President Mokgweetsi Masisi and his camp of advisers would not by any means have expected an easy ride in the efforts to institute his new style of governance or the strategic objectives of his tenure.
Masisi, a seasoned administrator particularly in the highest echelons of public service, would only have been too familiar with the predictable resistance that naturally greets any attempt to change the status quo. This is even more pronounced when that change is attempted at national level, beginning with the public service and confronting established mindsets, practices, attitudes and policies.
The changes include tweaking the Cabinet two months after inauguration, firing the spy chief, reviewing the alcohol and hunting bans, pledging to fast-track privatisation and the streamlining of the civil service, and extending an olive branch to unions, opposition political parties and the media.
Perhaps what the new President possibly did not expect was that the greatest resistance would emerge from within his own party, in the form of his predecessor, who is visibly building an alternative centre of power. Many of the policies and practices Masisi is confronting now are the product of the decade spent under Ian Khama and it is clear that the new President, who spent four of those years deputising Khama, is keen for change.
Unlike with South Africa’s ANC, whose leaders at the national governance level are strictly directed by party policy and objectives, the Botswana Democratic Party (BDP) maps out broad objectives such as unemployment, poverty alleviation and citizen empowerment, but leaves the actual policy direction the prerogative of the President of the day, who is guided by a mesh of laws, policies and other parameters.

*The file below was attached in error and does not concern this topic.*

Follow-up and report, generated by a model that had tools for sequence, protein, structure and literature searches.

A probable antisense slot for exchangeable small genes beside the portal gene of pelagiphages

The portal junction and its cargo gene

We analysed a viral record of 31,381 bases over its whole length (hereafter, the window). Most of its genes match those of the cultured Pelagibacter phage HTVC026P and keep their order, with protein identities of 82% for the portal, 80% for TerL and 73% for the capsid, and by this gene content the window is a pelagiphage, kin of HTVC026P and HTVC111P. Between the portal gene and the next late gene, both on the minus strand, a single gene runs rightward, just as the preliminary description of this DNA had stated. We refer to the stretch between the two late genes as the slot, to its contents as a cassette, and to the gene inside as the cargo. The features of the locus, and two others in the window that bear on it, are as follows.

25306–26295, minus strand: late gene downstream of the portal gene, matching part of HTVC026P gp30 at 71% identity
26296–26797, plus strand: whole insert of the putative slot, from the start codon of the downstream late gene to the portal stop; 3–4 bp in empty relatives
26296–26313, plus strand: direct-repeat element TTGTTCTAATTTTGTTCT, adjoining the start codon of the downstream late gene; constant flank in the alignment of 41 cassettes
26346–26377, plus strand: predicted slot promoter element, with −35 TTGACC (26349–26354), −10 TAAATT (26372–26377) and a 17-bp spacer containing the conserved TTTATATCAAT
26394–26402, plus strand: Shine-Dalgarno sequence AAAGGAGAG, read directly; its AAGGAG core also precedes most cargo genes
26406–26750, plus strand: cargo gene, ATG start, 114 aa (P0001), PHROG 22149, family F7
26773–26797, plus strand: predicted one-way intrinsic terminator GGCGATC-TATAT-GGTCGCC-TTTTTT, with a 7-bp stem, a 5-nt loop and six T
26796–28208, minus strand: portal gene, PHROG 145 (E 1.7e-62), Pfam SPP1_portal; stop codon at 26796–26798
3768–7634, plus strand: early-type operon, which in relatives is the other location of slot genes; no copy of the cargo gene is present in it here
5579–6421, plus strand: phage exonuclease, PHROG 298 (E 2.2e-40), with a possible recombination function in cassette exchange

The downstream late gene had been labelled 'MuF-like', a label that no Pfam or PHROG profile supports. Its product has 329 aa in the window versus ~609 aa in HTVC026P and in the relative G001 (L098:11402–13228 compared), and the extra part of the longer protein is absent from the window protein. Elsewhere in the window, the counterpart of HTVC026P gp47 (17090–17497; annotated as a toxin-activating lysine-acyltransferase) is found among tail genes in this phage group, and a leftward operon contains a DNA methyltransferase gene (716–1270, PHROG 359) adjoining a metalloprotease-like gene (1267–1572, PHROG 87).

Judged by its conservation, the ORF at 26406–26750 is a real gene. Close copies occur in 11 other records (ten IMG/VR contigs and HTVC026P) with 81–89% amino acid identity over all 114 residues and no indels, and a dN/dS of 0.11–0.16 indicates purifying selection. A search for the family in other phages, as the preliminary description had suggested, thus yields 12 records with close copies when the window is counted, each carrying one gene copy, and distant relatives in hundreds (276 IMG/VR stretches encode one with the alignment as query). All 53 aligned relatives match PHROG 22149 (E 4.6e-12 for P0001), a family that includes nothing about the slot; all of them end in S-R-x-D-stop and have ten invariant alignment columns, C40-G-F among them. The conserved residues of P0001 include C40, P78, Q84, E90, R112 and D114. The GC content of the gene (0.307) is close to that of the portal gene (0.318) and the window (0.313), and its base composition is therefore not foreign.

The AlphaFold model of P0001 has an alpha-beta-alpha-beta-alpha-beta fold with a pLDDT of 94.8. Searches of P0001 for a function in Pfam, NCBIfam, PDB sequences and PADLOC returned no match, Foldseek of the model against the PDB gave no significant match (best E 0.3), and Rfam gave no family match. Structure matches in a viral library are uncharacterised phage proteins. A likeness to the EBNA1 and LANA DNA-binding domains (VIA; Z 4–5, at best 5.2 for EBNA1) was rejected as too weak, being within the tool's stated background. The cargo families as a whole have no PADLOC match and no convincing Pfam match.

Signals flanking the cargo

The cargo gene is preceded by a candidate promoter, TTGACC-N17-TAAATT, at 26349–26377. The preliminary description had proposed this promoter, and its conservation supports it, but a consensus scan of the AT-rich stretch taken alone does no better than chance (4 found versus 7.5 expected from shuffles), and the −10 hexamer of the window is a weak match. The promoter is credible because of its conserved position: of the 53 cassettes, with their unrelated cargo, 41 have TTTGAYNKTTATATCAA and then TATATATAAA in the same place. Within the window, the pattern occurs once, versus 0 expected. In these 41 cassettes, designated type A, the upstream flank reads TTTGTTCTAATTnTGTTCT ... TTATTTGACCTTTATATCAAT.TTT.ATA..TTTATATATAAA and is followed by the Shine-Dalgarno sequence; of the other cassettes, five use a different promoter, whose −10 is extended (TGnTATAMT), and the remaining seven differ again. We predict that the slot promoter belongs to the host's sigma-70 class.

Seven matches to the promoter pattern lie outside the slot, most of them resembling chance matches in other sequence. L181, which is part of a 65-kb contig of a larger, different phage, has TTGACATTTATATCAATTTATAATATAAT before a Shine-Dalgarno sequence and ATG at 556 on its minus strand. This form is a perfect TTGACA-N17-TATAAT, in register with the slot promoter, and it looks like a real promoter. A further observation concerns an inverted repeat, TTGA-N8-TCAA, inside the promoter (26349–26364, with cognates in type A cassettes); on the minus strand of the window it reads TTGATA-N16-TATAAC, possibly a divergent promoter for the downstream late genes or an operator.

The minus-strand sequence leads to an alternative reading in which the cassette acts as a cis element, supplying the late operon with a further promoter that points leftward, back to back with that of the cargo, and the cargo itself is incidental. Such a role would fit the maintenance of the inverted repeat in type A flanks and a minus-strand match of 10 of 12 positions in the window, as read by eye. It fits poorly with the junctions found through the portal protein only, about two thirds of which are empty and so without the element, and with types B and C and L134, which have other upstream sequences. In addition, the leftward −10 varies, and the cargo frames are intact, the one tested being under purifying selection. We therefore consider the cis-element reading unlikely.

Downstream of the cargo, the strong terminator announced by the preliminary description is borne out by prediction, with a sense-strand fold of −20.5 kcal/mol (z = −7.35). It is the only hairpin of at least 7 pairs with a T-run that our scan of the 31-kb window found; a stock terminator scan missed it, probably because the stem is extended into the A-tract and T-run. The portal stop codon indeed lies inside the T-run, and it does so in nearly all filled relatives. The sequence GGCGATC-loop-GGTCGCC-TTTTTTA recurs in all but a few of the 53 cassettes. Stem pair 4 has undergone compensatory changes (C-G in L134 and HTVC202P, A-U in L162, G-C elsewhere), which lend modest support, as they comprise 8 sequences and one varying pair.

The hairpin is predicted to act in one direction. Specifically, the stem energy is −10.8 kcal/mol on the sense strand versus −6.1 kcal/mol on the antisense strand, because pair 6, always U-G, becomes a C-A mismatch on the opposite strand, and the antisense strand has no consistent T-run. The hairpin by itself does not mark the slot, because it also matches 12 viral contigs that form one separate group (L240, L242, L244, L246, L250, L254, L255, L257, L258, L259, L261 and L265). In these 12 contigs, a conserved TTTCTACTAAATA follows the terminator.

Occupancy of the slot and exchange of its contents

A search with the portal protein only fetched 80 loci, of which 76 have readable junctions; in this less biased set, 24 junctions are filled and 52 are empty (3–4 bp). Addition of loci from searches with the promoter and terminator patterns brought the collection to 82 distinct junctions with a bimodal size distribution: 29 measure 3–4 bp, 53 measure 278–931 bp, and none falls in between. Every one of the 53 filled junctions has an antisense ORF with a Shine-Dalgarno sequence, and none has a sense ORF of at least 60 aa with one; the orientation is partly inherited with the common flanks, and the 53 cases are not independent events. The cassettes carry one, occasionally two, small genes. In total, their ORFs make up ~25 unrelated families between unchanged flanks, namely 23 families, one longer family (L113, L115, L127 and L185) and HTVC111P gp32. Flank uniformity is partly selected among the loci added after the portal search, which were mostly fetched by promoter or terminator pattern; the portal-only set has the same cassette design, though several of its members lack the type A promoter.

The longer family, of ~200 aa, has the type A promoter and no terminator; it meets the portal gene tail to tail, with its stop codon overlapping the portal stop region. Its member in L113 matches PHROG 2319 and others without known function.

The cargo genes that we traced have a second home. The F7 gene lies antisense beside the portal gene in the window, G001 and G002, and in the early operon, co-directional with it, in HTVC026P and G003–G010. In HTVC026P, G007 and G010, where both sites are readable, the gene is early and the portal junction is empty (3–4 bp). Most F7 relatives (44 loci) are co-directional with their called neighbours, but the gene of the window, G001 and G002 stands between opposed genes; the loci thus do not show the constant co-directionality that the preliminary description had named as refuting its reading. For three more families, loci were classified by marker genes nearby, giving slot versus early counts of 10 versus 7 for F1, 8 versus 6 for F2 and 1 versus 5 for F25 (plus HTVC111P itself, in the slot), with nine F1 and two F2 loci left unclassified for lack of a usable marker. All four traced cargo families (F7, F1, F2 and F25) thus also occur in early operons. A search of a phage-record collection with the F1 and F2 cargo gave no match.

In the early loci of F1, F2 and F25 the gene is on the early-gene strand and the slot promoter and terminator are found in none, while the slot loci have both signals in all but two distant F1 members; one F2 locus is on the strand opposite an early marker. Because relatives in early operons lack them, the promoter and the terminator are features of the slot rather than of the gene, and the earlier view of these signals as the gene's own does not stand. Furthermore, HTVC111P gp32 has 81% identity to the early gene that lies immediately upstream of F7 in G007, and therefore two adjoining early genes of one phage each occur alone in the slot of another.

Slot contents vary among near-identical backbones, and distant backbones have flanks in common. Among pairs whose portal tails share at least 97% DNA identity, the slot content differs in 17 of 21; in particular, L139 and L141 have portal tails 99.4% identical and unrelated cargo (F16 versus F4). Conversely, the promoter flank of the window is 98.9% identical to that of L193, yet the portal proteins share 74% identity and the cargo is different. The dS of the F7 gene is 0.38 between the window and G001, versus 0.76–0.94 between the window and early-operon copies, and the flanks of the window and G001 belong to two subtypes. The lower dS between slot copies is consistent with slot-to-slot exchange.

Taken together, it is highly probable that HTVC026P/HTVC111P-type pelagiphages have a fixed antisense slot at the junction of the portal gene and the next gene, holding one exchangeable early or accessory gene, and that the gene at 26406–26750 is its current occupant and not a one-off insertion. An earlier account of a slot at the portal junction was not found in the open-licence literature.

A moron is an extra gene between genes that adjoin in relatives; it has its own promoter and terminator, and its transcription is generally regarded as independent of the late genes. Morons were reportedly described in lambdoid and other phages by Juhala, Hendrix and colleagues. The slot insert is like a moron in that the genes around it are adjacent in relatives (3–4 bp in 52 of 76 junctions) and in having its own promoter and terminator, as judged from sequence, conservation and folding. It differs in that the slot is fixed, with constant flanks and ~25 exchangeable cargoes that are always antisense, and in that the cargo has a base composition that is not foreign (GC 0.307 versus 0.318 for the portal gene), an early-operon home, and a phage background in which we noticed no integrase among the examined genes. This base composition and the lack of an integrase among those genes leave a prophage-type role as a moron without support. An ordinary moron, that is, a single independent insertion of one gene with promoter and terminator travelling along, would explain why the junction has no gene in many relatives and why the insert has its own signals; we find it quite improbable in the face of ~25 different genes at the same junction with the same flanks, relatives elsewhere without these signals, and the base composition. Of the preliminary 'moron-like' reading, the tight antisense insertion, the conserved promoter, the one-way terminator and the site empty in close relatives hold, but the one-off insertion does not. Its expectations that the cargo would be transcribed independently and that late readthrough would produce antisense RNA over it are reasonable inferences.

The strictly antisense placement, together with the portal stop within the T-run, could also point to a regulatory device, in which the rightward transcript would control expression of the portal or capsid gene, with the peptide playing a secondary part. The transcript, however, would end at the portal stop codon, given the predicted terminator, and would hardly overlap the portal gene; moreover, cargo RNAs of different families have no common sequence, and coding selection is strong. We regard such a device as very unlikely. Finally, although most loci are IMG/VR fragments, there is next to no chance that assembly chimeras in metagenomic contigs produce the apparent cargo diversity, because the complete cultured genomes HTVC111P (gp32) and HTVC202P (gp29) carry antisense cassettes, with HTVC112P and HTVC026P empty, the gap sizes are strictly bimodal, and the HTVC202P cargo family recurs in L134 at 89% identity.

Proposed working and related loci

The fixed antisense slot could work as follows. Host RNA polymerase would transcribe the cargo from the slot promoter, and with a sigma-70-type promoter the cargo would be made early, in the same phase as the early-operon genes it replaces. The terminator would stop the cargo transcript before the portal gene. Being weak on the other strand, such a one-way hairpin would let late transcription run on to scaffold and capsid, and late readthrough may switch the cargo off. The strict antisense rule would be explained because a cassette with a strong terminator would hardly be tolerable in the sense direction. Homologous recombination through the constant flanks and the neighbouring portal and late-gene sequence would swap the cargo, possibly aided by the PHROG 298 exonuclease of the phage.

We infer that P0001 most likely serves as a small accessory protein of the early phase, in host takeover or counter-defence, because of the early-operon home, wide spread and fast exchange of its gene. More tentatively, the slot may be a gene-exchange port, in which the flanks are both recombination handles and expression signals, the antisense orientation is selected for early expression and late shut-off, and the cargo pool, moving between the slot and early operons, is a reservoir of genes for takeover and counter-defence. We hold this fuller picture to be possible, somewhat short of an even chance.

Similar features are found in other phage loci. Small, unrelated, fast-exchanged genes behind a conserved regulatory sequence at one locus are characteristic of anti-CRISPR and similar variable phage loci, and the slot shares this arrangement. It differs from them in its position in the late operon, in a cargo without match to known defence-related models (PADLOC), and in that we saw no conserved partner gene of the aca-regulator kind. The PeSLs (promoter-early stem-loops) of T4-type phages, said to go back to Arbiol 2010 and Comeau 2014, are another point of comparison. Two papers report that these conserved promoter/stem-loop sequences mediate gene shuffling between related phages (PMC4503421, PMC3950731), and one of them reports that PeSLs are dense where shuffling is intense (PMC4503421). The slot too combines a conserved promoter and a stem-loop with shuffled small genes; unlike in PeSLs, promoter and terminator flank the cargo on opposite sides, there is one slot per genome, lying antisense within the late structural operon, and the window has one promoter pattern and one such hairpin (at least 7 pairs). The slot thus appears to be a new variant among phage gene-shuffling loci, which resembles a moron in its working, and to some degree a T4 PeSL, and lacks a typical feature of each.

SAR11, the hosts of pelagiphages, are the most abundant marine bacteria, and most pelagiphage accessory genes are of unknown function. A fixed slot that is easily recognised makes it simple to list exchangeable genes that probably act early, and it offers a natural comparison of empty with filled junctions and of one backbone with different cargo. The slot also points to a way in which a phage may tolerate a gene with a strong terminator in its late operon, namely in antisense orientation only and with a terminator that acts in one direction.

Policies and resolutions adopted at
Masisi, enjoying the same latitude, has every right within the national and BDP constitutions to go about his presidency the way he sees fit, with the overarching objective being the upliftment of the lives of Batswana, unfettered by any appearances of indebtedness to his predecessor. The challenge the new President however has, is that while he would ordinarily have preferred a more gradual approach to the institution of his desired changes, he has the huge burden of delivering an attractive proposition to voters in under a year, when the general elections are held.
After 10 years of Khama’s rule, the BDP’s popular vote dropped to a record low and Masisi has just months to attend to the issues that have driven the disaffection. Furthermore he has to unite the party - which includes applying stain removers in certain stubborn patches – and unveiling a product that Batswana can find attractive next October.
The spring-cleaning is clearly underway within the party and in national governance. Masisi will need to be resolute to see the job through to the end.
"It is only through labour and painful effort, by grim energy and resolute courage, that we move on to better things."